Science fiction novels are my favorite drug. There’s nothing like sitting down on a rainy day (or in a sunlit park) with a good book. It’s never a bad time to get lost in a sci-fi adventure. Especially if these adventures involve female sci-fi characters.
I’m a dude, so I can appreciate a fun, escapist sci-fi story with a two-fisted, muscular male hero. But to me, there’s something special about female sci-fi characters. A lot of the time, they’re more interesting than male protagonists. Female sci-fi characters have got more pressing problems. Most of the time, their personalities are more complex. Their motivations can be more mysterious, especially to a male reader like me. It’s always interesting to embark on a sci-fi adventure as seen through the lens of the opposite gender.
This being sci-fi Saturday and all, I thought I’d put together a quick list of my top four female sci-fi characters. These characters come from novels. I won’t be discussing video games or movies. (That’ll come later.) Maybe you’ve heard of some of these ladies, and maybe you haven’t. But if you come away from this blog post with one more book added to your to-read list, then my work is done.
Without further ado…
#1. Breq from Ancillary Justice (2013).
Anne Leckie’s epic Imperial Radch series has been turning heads and exciting sci-fi mavens for a good few years now. The first book, Ancillary Justice, has the best setup for a sci-fi plot that I’ve seen in years. And the protagonist may not even technically qualify for our list of female sci-fi characters!
Ancillary Justice is a space opera set thousands of years in the future, where the primary galactic power of human-occupied planets is the expansionist Radch empire. The empire uses AIs to control human bodies (“ancillaries”) that are used as soldiers, though regular humans also are soldiers. The Radchaai do not distinguish people by gender, which Leckie conveys by using female personal pronouns for everybody, and by having the Radchaai main character guess wrongly when she has to use languages with gender-specific pronouns.
The narrative begins several years after the disappearance of a Radch starship, the Justice of Toren, when the sole surviving ancillary (and fragment of the Justice of Toren‘s consciousness), Breq, encounters an officer, Seivarden, whom she had known 1,000 years earlier. The two are on an ice planet, and Seivarden is in precarious condition. The plot switches between two strands: Breq’s “present day” quest for justice for the Justice of Toren‘s destruction, and flashbacks from 19 years earlier when the Justice of Toren was in orbit around the planet of Shis’urna, which was being formally brought into the Radchaai empire. The reader eventually finds out that the Justice of Toren‘s destruction was the result of a covert war between two opposed strands of consciousness of the Lord of the Radch, Anaander Mianaai, who uses multiple synchronized bodies to rule her far-flung empire. At the end of the novel, Breq associates herself with the more pacific aspect of Anaander Mianaai while waiting for an opportunity to exact her revenge.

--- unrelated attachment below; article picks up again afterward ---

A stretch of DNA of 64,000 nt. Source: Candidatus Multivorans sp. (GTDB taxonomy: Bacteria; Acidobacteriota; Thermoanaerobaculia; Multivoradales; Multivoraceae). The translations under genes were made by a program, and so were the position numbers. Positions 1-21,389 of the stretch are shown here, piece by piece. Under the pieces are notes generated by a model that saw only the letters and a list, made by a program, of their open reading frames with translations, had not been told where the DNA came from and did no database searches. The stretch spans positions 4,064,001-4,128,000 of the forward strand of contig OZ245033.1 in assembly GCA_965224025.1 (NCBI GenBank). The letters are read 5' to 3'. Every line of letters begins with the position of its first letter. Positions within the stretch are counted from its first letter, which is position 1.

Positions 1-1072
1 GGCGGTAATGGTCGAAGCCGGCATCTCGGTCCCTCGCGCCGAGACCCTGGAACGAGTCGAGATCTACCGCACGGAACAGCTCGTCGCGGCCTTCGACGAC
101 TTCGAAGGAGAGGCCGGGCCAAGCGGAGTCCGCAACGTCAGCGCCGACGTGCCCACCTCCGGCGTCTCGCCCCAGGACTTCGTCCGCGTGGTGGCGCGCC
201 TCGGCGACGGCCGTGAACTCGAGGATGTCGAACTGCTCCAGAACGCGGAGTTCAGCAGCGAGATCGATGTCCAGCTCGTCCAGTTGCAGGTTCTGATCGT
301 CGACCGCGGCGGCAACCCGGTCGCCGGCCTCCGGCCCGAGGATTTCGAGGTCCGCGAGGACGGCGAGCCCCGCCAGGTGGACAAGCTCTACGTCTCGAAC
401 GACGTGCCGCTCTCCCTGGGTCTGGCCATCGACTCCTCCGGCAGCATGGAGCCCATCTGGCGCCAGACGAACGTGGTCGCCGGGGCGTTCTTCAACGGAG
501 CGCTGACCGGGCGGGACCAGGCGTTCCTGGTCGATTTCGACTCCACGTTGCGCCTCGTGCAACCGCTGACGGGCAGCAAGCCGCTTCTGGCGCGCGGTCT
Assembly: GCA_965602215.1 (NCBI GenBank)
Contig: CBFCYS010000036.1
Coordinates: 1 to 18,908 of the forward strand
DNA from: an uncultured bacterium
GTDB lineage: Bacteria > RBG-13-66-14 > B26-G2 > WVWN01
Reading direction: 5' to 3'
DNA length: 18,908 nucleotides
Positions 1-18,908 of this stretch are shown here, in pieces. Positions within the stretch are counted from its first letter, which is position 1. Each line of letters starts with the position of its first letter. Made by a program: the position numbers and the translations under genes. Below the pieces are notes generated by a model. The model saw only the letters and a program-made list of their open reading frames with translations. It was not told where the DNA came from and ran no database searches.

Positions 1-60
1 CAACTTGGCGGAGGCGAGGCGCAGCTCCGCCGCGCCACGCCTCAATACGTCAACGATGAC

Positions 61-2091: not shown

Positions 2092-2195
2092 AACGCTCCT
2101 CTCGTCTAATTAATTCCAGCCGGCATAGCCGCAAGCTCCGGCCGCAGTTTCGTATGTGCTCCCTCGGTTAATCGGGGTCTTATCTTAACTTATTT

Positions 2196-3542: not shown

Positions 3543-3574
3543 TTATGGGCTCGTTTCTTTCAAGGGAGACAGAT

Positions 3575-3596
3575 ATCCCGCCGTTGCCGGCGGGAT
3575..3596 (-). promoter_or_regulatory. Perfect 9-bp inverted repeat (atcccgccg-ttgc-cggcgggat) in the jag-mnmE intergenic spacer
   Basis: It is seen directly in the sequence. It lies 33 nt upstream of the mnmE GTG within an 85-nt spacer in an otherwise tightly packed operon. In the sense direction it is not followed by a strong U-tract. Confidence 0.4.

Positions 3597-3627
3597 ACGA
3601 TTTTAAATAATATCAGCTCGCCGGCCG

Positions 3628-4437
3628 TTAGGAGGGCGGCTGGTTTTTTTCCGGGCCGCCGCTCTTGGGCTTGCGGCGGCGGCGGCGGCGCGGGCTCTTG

Doesn’t that sound awesome? We’re not sure if Breq is really a female or not, though. She might be a man, and female pronouns just might be used for her. The Radchaai do not distinguish people by gender, as the summary said. If Breq is a woman, though, she sounds like my kind of woman. Plucky, assertive, competent, and not one to take any crap, even from her superiors. I love female sci-fi characters like that.
#2. Emiko from The Windup Girl (2009).
If you’ve never read Paolo Bacigalupi’s breakthrough science fiction novel The Windup Girl, drop what you’re doing and order it on Amazon now. This Nebula Award-winning book is set in futuristic Thailand. How many awesome sci-fi books do you know that take place in Thailand?
Anderson Lake is a company man, AgriGen’s Calorie Man in Thailand. Under cover as a factory manager, Anderson combs Bangkok’s street markets in search of foodstuffs thought to be extinct, hoping to reap the bounty of history’s lost calories. There, he encounters Emiko. Emiko is the Windup Girl, a strange and beautiful creature. One of the New People, Emiko is not human; instead, she is an engineered being, creche-grown and programmed to satisfy the decadent whims of a Kyoto businessman, but now abandoned to the streets of Bangkok. Regarded as soulless beings by some, devils by others, New People are slaves, soldiers, and toys of the rich in a chilling near future in which calorie companies rule the world, the oil age has passed, and the side effects of bio-engineered plagues run rampant across the globe.
What happens when calories become currency? What happens when bio-terrorism becomes a tool for corporate profits, when said bio-terrorism’s genetic drift forces mankind to the cusp of post-human evolution?
Emiko, though she starts out quiet and passive (like most enslaved characters do), eventually comes into her own. She reaches her breaking point, becomes a fighter, and decides to take a stand against her captors. She strikes out on her own, even though the world of futuristic Bangkok is a strange and savage one. This is a rewarding journey to watch female sci-fi characters embark upon, no matter when or where the story is set.
Oh, did I mention there are Imperial mammoths in this book as well?
#3. Lady Jessica from Dune (1965).